Educational Considerations, vol. 31(2) Full Issue

Chad Litz
2004 Educational Considerations  
Introduction In spite of signs of an economic recovery at the national level, many states still face formidable fi scal problems. 1 In addition, the national fi scal outlook is compromised by a growing federal defi cit, slow growth in job creation, and lingering unemployment in many parts of the country. As such, it is essential to understand the full context for state education funding. In the preK-12 educational domain, personnel costs continue to be the largest single budget item, frequently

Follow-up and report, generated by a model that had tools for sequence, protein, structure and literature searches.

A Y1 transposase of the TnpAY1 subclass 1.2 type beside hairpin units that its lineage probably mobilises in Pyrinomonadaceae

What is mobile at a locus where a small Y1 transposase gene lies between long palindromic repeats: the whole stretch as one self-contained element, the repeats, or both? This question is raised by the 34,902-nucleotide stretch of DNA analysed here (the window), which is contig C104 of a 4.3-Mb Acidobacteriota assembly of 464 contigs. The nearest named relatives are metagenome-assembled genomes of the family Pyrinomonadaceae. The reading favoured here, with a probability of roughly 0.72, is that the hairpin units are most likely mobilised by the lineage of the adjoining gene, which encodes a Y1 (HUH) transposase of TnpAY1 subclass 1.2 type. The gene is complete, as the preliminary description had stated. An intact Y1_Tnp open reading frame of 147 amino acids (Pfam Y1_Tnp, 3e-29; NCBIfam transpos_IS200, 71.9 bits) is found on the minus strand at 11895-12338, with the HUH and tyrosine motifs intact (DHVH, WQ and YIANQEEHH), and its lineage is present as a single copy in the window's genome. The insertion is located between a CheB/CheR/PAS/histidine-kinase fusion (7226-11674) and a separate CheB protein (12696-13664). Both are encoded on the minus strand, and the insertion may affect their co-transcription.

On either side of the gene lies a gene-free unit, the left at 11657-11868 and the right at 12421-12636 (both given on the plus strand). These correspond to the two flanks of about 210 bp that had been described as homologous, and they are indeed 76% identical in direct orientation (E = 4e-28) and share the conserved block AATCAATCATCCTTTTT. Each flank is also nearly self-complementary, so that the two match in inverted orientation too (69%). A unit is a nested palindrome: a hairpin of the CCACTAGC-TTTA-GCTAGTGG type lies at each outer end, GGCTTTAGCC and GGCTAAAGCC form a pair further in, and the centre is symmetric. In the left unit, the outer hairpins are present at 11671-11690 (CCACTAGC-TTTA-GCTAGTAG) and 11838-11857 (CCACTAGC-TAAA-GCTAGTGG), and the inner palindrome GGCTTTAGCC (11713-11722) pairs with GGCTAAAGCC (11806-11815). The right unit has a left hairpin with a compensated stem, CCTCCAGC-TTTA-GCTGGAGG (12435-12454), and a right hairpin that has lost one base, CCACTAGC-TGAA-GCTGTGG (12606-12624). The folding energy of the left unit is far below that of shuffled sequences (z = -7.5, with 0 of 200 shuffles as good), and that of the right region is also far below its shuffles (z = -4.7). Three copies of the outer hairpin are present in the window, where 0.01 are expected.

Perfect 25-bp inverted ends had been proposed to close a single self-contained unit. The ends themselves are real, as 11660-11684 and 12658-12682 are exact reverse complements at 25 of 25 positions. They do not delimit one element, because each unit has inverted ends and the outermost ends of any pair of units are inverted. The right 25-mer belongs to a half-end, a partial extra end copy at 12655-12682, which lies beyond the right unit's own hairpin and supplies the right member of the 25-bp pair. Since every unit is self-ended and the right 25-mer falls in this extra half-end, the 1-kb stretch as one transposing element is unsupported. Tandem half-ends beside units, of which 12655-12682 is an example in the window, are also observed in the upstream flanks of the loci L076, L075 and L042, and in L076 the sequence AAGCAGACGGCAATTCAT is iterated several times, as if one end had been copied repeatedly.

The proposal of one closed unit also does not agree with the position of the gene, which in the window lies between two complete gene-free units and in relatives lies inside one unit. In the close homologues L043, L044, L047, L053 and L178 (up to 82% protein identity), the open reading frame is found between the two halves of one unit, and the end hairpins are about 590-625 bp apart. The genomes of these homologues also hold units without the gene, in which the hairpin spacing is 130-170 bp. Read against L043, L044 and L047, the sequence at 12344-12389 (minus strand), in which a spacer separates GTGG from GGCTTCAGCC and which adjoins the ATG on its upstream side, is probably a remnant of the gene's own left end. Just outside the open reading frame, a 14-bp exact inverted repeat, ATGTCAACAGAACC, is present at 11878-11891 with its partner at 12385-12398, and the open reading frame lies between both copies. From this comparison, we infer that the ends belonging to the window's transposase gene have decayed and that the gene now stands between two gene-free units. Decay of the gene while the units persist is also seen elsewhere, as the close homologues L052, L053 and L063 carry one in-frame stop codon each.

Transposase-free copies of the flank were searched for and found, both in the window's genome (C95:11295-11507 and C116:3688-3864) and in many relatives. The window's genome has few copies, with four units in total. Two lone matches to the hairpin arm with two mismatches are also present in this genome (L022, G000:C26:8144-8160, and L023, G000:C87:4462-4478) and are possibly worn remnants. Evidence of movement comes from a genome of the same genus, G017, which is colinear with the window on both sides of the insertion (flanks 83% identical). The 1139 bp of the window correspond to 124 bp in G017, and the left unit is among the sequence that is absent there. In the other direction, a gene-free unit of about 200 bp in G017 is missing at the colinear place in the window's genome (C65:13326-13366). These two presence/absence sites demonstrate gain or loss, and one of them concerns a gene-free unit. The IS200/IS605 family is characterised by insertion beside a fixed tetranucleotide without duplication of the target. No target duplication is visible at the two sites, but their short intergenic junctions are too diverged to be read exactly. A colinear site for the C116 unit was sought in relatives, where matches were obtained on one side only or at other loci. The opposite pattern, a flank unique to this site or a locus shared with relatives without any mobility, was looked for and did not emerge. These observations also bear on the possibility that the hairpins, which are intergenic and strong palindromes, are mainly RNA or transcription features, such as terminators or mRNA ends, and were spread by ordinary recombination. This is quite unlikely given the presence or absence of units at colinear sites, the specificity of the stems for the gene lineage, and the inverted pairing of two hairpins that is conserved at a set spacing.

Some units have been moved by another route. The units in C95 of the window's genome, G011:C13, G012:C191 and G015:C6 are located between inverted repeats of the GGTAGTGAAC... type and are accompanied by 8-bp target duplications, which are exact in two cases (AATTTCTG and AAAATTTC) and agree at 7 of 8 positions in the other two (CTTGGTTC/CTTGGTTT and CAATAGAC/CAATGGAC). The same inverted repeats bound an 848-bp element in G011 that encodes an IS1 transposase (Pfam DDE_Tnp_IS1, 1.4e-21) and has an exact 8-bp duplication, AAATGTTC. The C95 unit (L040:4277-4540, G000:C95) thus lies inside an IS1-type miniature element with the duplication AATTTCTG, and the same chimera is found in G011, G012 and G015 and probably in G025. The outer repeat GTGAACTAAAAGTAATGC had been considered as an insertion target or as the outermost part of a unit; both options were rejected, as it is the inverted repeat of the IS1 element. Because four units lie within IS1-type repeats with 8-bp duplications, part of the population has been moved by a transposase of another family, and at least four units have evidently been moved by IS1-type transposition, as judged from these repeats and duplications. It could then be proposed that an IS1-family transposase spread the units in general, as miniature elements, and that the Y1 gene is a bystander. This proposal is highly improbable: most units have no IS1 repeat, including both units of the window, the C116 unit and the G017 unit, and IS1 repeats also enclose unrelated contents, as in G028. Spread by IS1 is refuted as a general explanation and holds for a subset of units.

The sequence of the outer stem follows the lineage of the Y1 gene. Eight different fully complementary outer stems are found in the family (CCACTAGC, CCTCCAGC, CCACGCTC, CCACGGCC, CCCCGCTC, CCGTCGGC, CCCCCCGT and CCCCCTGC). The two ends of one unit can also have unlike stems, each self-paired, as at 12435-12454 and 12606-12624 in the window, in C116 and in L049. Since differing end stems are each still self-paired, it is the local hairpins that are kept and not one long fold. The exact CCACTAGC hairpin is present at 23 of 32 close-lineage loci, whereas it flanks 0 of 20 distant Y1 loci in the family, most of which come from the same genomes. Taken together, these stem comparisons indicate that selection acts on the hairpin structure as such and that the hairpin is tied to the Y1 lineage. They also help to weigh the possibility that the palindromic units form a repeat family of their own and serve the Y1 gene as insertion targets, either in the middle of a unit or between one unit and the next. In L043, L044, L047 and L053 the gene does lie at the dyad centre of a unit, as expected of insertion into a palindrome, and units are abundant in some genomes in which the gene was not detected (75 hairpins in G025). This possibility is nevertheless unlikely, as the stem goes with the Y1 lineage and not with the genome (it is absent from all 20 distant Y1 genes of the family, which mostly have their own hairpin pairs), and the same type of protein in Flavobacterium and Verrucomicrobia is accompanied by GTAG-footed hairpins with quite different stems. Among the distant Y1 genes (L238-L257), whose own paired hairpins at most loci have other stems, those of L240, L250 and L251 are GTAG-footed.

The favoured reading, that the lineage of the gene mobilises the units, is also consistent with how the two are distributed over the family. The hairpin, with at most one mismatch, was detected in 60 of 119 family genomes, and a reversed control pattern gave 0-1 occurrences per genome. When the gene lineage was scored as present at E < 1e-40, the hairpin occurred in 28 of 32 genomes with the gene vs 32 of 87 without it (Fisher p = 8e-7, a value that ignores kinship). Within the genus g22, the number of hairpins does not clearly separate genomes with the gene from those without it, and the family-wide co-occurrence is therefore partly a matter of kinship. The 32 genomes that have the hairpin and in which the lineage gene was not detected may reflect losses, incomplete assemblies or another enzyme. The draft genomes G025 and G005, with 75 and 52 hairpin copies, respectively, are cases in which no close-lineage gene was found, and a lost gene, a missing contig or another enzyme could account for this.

more » ... overshadowing other budgetary demands. Furthermore, in an era of heightened accountability and high stakes testing imposed at the state and national levels, competitive compensation, particularly in shortage areas such as mathematics, science, and special education, and in geographic areas, such as urban and rural school districts, is essential for teacher recruitment and retention. Education reforms, such as class size reduction, aimed at raising academic achievement, require additional staffi ng-and additional funding. Another costly education reform is education technology, used both to enhance academic achievement and to prepare students for future employment in a global economy. As a fi scal issue, education technology is unique because it spans both operating and capital budgets, making it a potential competitor with school infrastructure needs. In the best of economic times, state policymakers must carefully weigh funding priorities. However, with deferred maintenance for schools estimated at more than $100 billion dollars, 2 and total unmet funding need for all types of school infrastructure, inclusive of new construction and renovation, estimated at over $260 billion, 3 state policymakers fi nd themselves under tremendous pressure to provide suffi cient funding for education and other public services without raising taxes. Setting funding priorities for education technology and school infrastructure may be further complicated by perceptions of their relative worth. For example, the image of engaged students working on state-of-the-art computers may be more compelling to many lawmakers and voters than the replacement of a leaky roof; but both are necessary and costly. The cost of most school infrastructure projects requires multi-year investments by school districts while the costs for education technology are also ongoing, but for different reasons. Because current technologies rapidly become obsolete, schools are faced not only with substantial initial investments, but also investments for upgrades and replacements over time. To that end, this article explores the competition between education technology and school infrastructure for scarce resources in the state educational funding arena. The fi rst section provides a comprehensive defi nition of education technology to anchor the discussion. Next, data on state funding levels for education technology are presented, followed by a description of the ways states allocate these funds. Here the potential for competition between education technology and school infrastructure emerges. In the third section, state estimates of unmet funding need for education technology are contrasted with those for school infrastructure. The article closes with policy recommendations for the equitable and adequate funding of education technology. The Scope of Education Technology Needs It is important to ground the discussion of the potential competition of education technology and school infrastructure for the same pool of funding by defi ning the scope of education technology needs. As part of a national study of unmet education technology funding needs, researchers at the National Education Association developed a comprehensive defi nition with the following nine components: (1) Multimedia computers; (2) Peripherals; (3) Operating, applications, and educational software; (4) Connectivity; (5) Networks; (6) Technology infrastructure; (7) Distance education; (8) Maintenance and repair of technology equipment; and (9) Professional development and support. 4 Multimedia computers are generally newer, faster, and more powerful computers with sound capability and high-resolution graphics. Usually they have an internal CD-ROM and modem, the latter for Internet access. Peripherals represent a category of computer hardware that includes equipment such as printers, assistive/adaptive devices, 5 digital cameras, scanners, and computer projection units. Also included are various pieces of equipment such as CD-ROMS, zip drives, and modems that, although internally installed on many newer computers, are sometimes added externally to older computers. Operating software refers to computer programs, such as DOS and Windows, that provide the foundation for utilizing applications and educational software. Applications software includes computer programs such as word-processing and spreadsheets while educational software represents computer programs that are specifi cally designed for student learning. Connectivity refers to Internet access, video conferencing, and video phones. Networks found within a school or district include LANs (Local Area Networks) and WANs (Wide Area Networks). Technology infrastructure includes wiring and cables to, within, and between schools. In addition, to accommodate computers and peripherals, electrical upgrades may be needed in order for the school facility to support more electrical outlets; or the school may require more phone lines or fi ber optic cables to support connectivity to the Internet. Distance education makes use of a number of components listed above to allow courses to be taught at remote sites. Maintenance and repair of technology equipment includes maintenance contracts and repair costs to keep computers and peripherals functioning properly over the life of the equipment. Professional development and support is necessary so that teachers and other educational professionals make effective use of technology to enhance student learning. The description above makes evident that education technology needs draw from both the operating and capital budgets of school 4 districts. With regard to operating budgets, education technology includes personnel costs for professional development and support; maintenance and repair costs for equipment; and the cost of several categories of equipment, which in some cases are categorized as part of the school district's operating budget and, in others, part of the capital budget, depending upon individual state laws around budgeting, bonding, and accounting. Technology infrastructure represents a direct overlap with the broader category of school infrastructure and so is likely to draw upon capital resources within a school district. In the next section, examples of overlap and competition are presented as part of the description of state funding for education technology. Funding for Education Technology In 1995-1996, twenty-one states provided $451.6 million for education technology, ranging from $100,000 in Montana to $117 million in Florida. 6 On average, states spent $21.5 million. Three years later, in 1998-1999, the most recent time period for which data are available, 31 states provided $847.8 million to local school districts for education technology funding. 7 (See Appendix.) Funding levels ranged from $600,000 in Delaware to $191.4 million in California, for an average state expenditure of $27.3 million. On a per pupil basis, the average state expenditure for education technology was a mere $27; 8 but these numbers tell only a small part of the funding story. Education technology is funded through a wide range of mechanisms at the state level. The summary table at the end of the article makes explicit the array of funding mechanisms state use. Some, such as Alabama and Tennessee, fund education technology as part of the state's basic aid formula allocation although the use of funds for education technology by school districts may be restricted to particular expenditure categories. If education technology funding is allocated through state basic aid, there is a reasonable assurance that it is equalized because most basic aid formulas provide greater assistance to property and/or income poor school districts. 9 A number of states use one or more forms of categorical aid. For example, Minnesota funds education technology with seven categorical programs and New York, four. Unlike funding allocated through basic aid, funds distributed through categorical aid programs may or may not be equalized. Pennsylvania and South Carolina provide examples of equalized categorical funding. Other states, like Arkansas and California, may require school districts to submit a grant application to access education technology funds, a potential barrier for some school districts. Four states-Connecticut, Idaho, Illinois, and Washington-distribute a portion of state funding for education technology through a competitive grant process, a process that disadvantages districts lacking grantwriting expertise. At least one state, Kansas, requires the local school district to match state funding for education technology and to have a state-approved education technology plan in order to be eligible for funding. To further complicate the funding picture, some states use a combination of the funding approaches mentioned here. In nine states, funding programs for education technology compete or overlap with those that have traditionally been considered the province of school infrastructure: Arizona; Connecticut; Minnesota; Missouri; Nebraska; New Jersey; Pennsylvania; Rhode Island; and Texas. In Arizona, the new school capital fi nance system includes education technology as well as school infrastructure. As such, there is no separate state appropriation for education technology. Like Arizona, Minnesota funds education technology from infrastructure resources, more specifi cally, the component of the general education revenue formula which is also used to fi nance school facilities needs. In Arizona and Minnesota, education technology competes directly with school infrastructure for the same resources. Education technology infrastructure funding in the remaining seven states potentially overlaps with funding for school infrastructure; that is, when education technology infrastructure is funded as a stand alone program, a potential overlap exists as well with school infrastructure funding programs. For example, Missouri's education technology funding program includes the funding of technology infrastructure. In Nebraska, funding for education technology is targeted toward training and technology infrastructure. Connecticut's funding for education technology is limited to the wiring of schools, an infrastructure item, to make them technology-compatible. Texas also limits education technology funding to infrastructure, in particular providing connectivity. However, the Texas funding program is broader than elementary and secondary education in that it includes institutions of higher education, libraries, and hospitals. New Jersey restricts education technology funding to the Distance Learning Network which includes costs associated with professional development, purchase of software, and maintenance, as well as education technology infrastructure. In Pennsylvania, the "Link to Learn" program provides school districts with education technology funding that includes the infrastructure component of cabling for LANs and WANs. Like Pennsylvania, Rhode Island's funding for education technology includes infrastructure. Since most states allow education technology infrastructure to be funded through broader school infrastructure funding mechanisms that generally permit school districts to incur long-term debt, education technology infrastructure costs may potentially be supported through capital budgets. At the same time, education technology funding programs generally target funds as operating expenditures. Hence in states which fund both school infrastructure and education technology, technology infrastructure funding may be duplicative if it is also eligible for education technology funding. At the state policy level, this confi guration raises issues of cost-effectiveness on two fronts. First, it represents duplication of funding effort for education technology infrastructure, and secondly it raises concerns about the appropriate fi nancing of technology infrastructure. Unlike other components of education technology, technology infrastructure represents a long-term investment that may be fi nanced more appropriately in a manner similar to other school infrastructure projects, through long-term debt instruments. Funding education technology infrastructure as a capital investment in turn would free up additional resources for operating expenses associated with education technology, such as professional development and support. In the next section, the extent of unmet funding need for education technology is explored, with special attention to estimates for education technology infrastructure. Funding Needs for Education Technology Earlier research has indicated that statewide education technology plans are the best single source for systematic data on education technology funding needs although even these provide only limited data. 10 In 1999, 38 states had statewide education technology plans in place, of which 26 had been developed in the prior fi ve years. 11 Of these, only ten had developed cost estimates. A closer analysis of the cost estimates revealed that only three of the ten states-California, 12 Connecticut, 13 Delaware 14 -had developed cost estimates inclusive of all of the elements of a comprehensive defi nition of education 5 Litz: Educational Considerations, vol. 31(2) Full Issue The unmet funding need for school infrastructure, estimated at $266.1 billion, is substantial as well. While it was not possible to partition out the portion of education technology plan cost estimates for education technology infrastructure with precision, education technology plans for Illinois 15 and New Mexico 16 may provide some insight as their cost estimates were limited to education technology infrastructure. Illinois projected costs for education technology infrastructure to be $787 million or $399 per pupil, while New Mexico estimated $75.1 million or $237 per pupil. When compared to total estimates for unmet funding need, education technology infrastructure represented 37% and 22% of total unmet funding need for education technology in Illinois and New Mexico, respectively. Conclusions and Policy Recommendations This article explored competition between school infrastructure and education technology for limited educational resources. An important fi rst step was to defi ne the scope of education technology funding needs. In doing so, the overlap between education technology infrastructure and the broader category of school infrastructure becomes apparent. An analysis of current state funding revealed a mix of approaches to funding education technology, ranging from basic and categorical aid programs to selective grants. Nine states had some overlap in funding between education technology infrastructure. In some states, education technology is funded through infrastructure programs, even though a number of components of education technology would be considered operating costs. This confi guration leads to direct competition between education technology and school infrastructure for education funds. In other states, elements of education technology infrastructure, such as wiring and cabling, appear to be eligible for funding under both education technology and school infrastructure funding provisions. Such overlap creates the potential for duplication and ineffective use of resources. Because both education technology and school infrastructure suffer from underfunding at the state level, competition and duplication are serious policy issues. To avoid such ineffi ciencies, policymakers must conceptualize a state education funding system as an integrated whole. Admittedly, because aspects of education technology and school infrastructure can be quite technical, it may be challenging at the policy level to discern the potential for overlap and competition. To enable state policymakers to make informed decisions, appropriate agencies and experts should be deployed to develop comprehensive long-range plans with realistic cost estimates in both education technology and school infrastructure. Yet because unmet funding need for education technology and school infrastructure tops $300 billion, federal involvement may be required. Although states constitutionally are responsible for education funding, the federal government has a long history in intervening in education matters that have become national in scope. However, in order to determine the appropriate federal and state roles, Table 1 Funding Need for Education Technology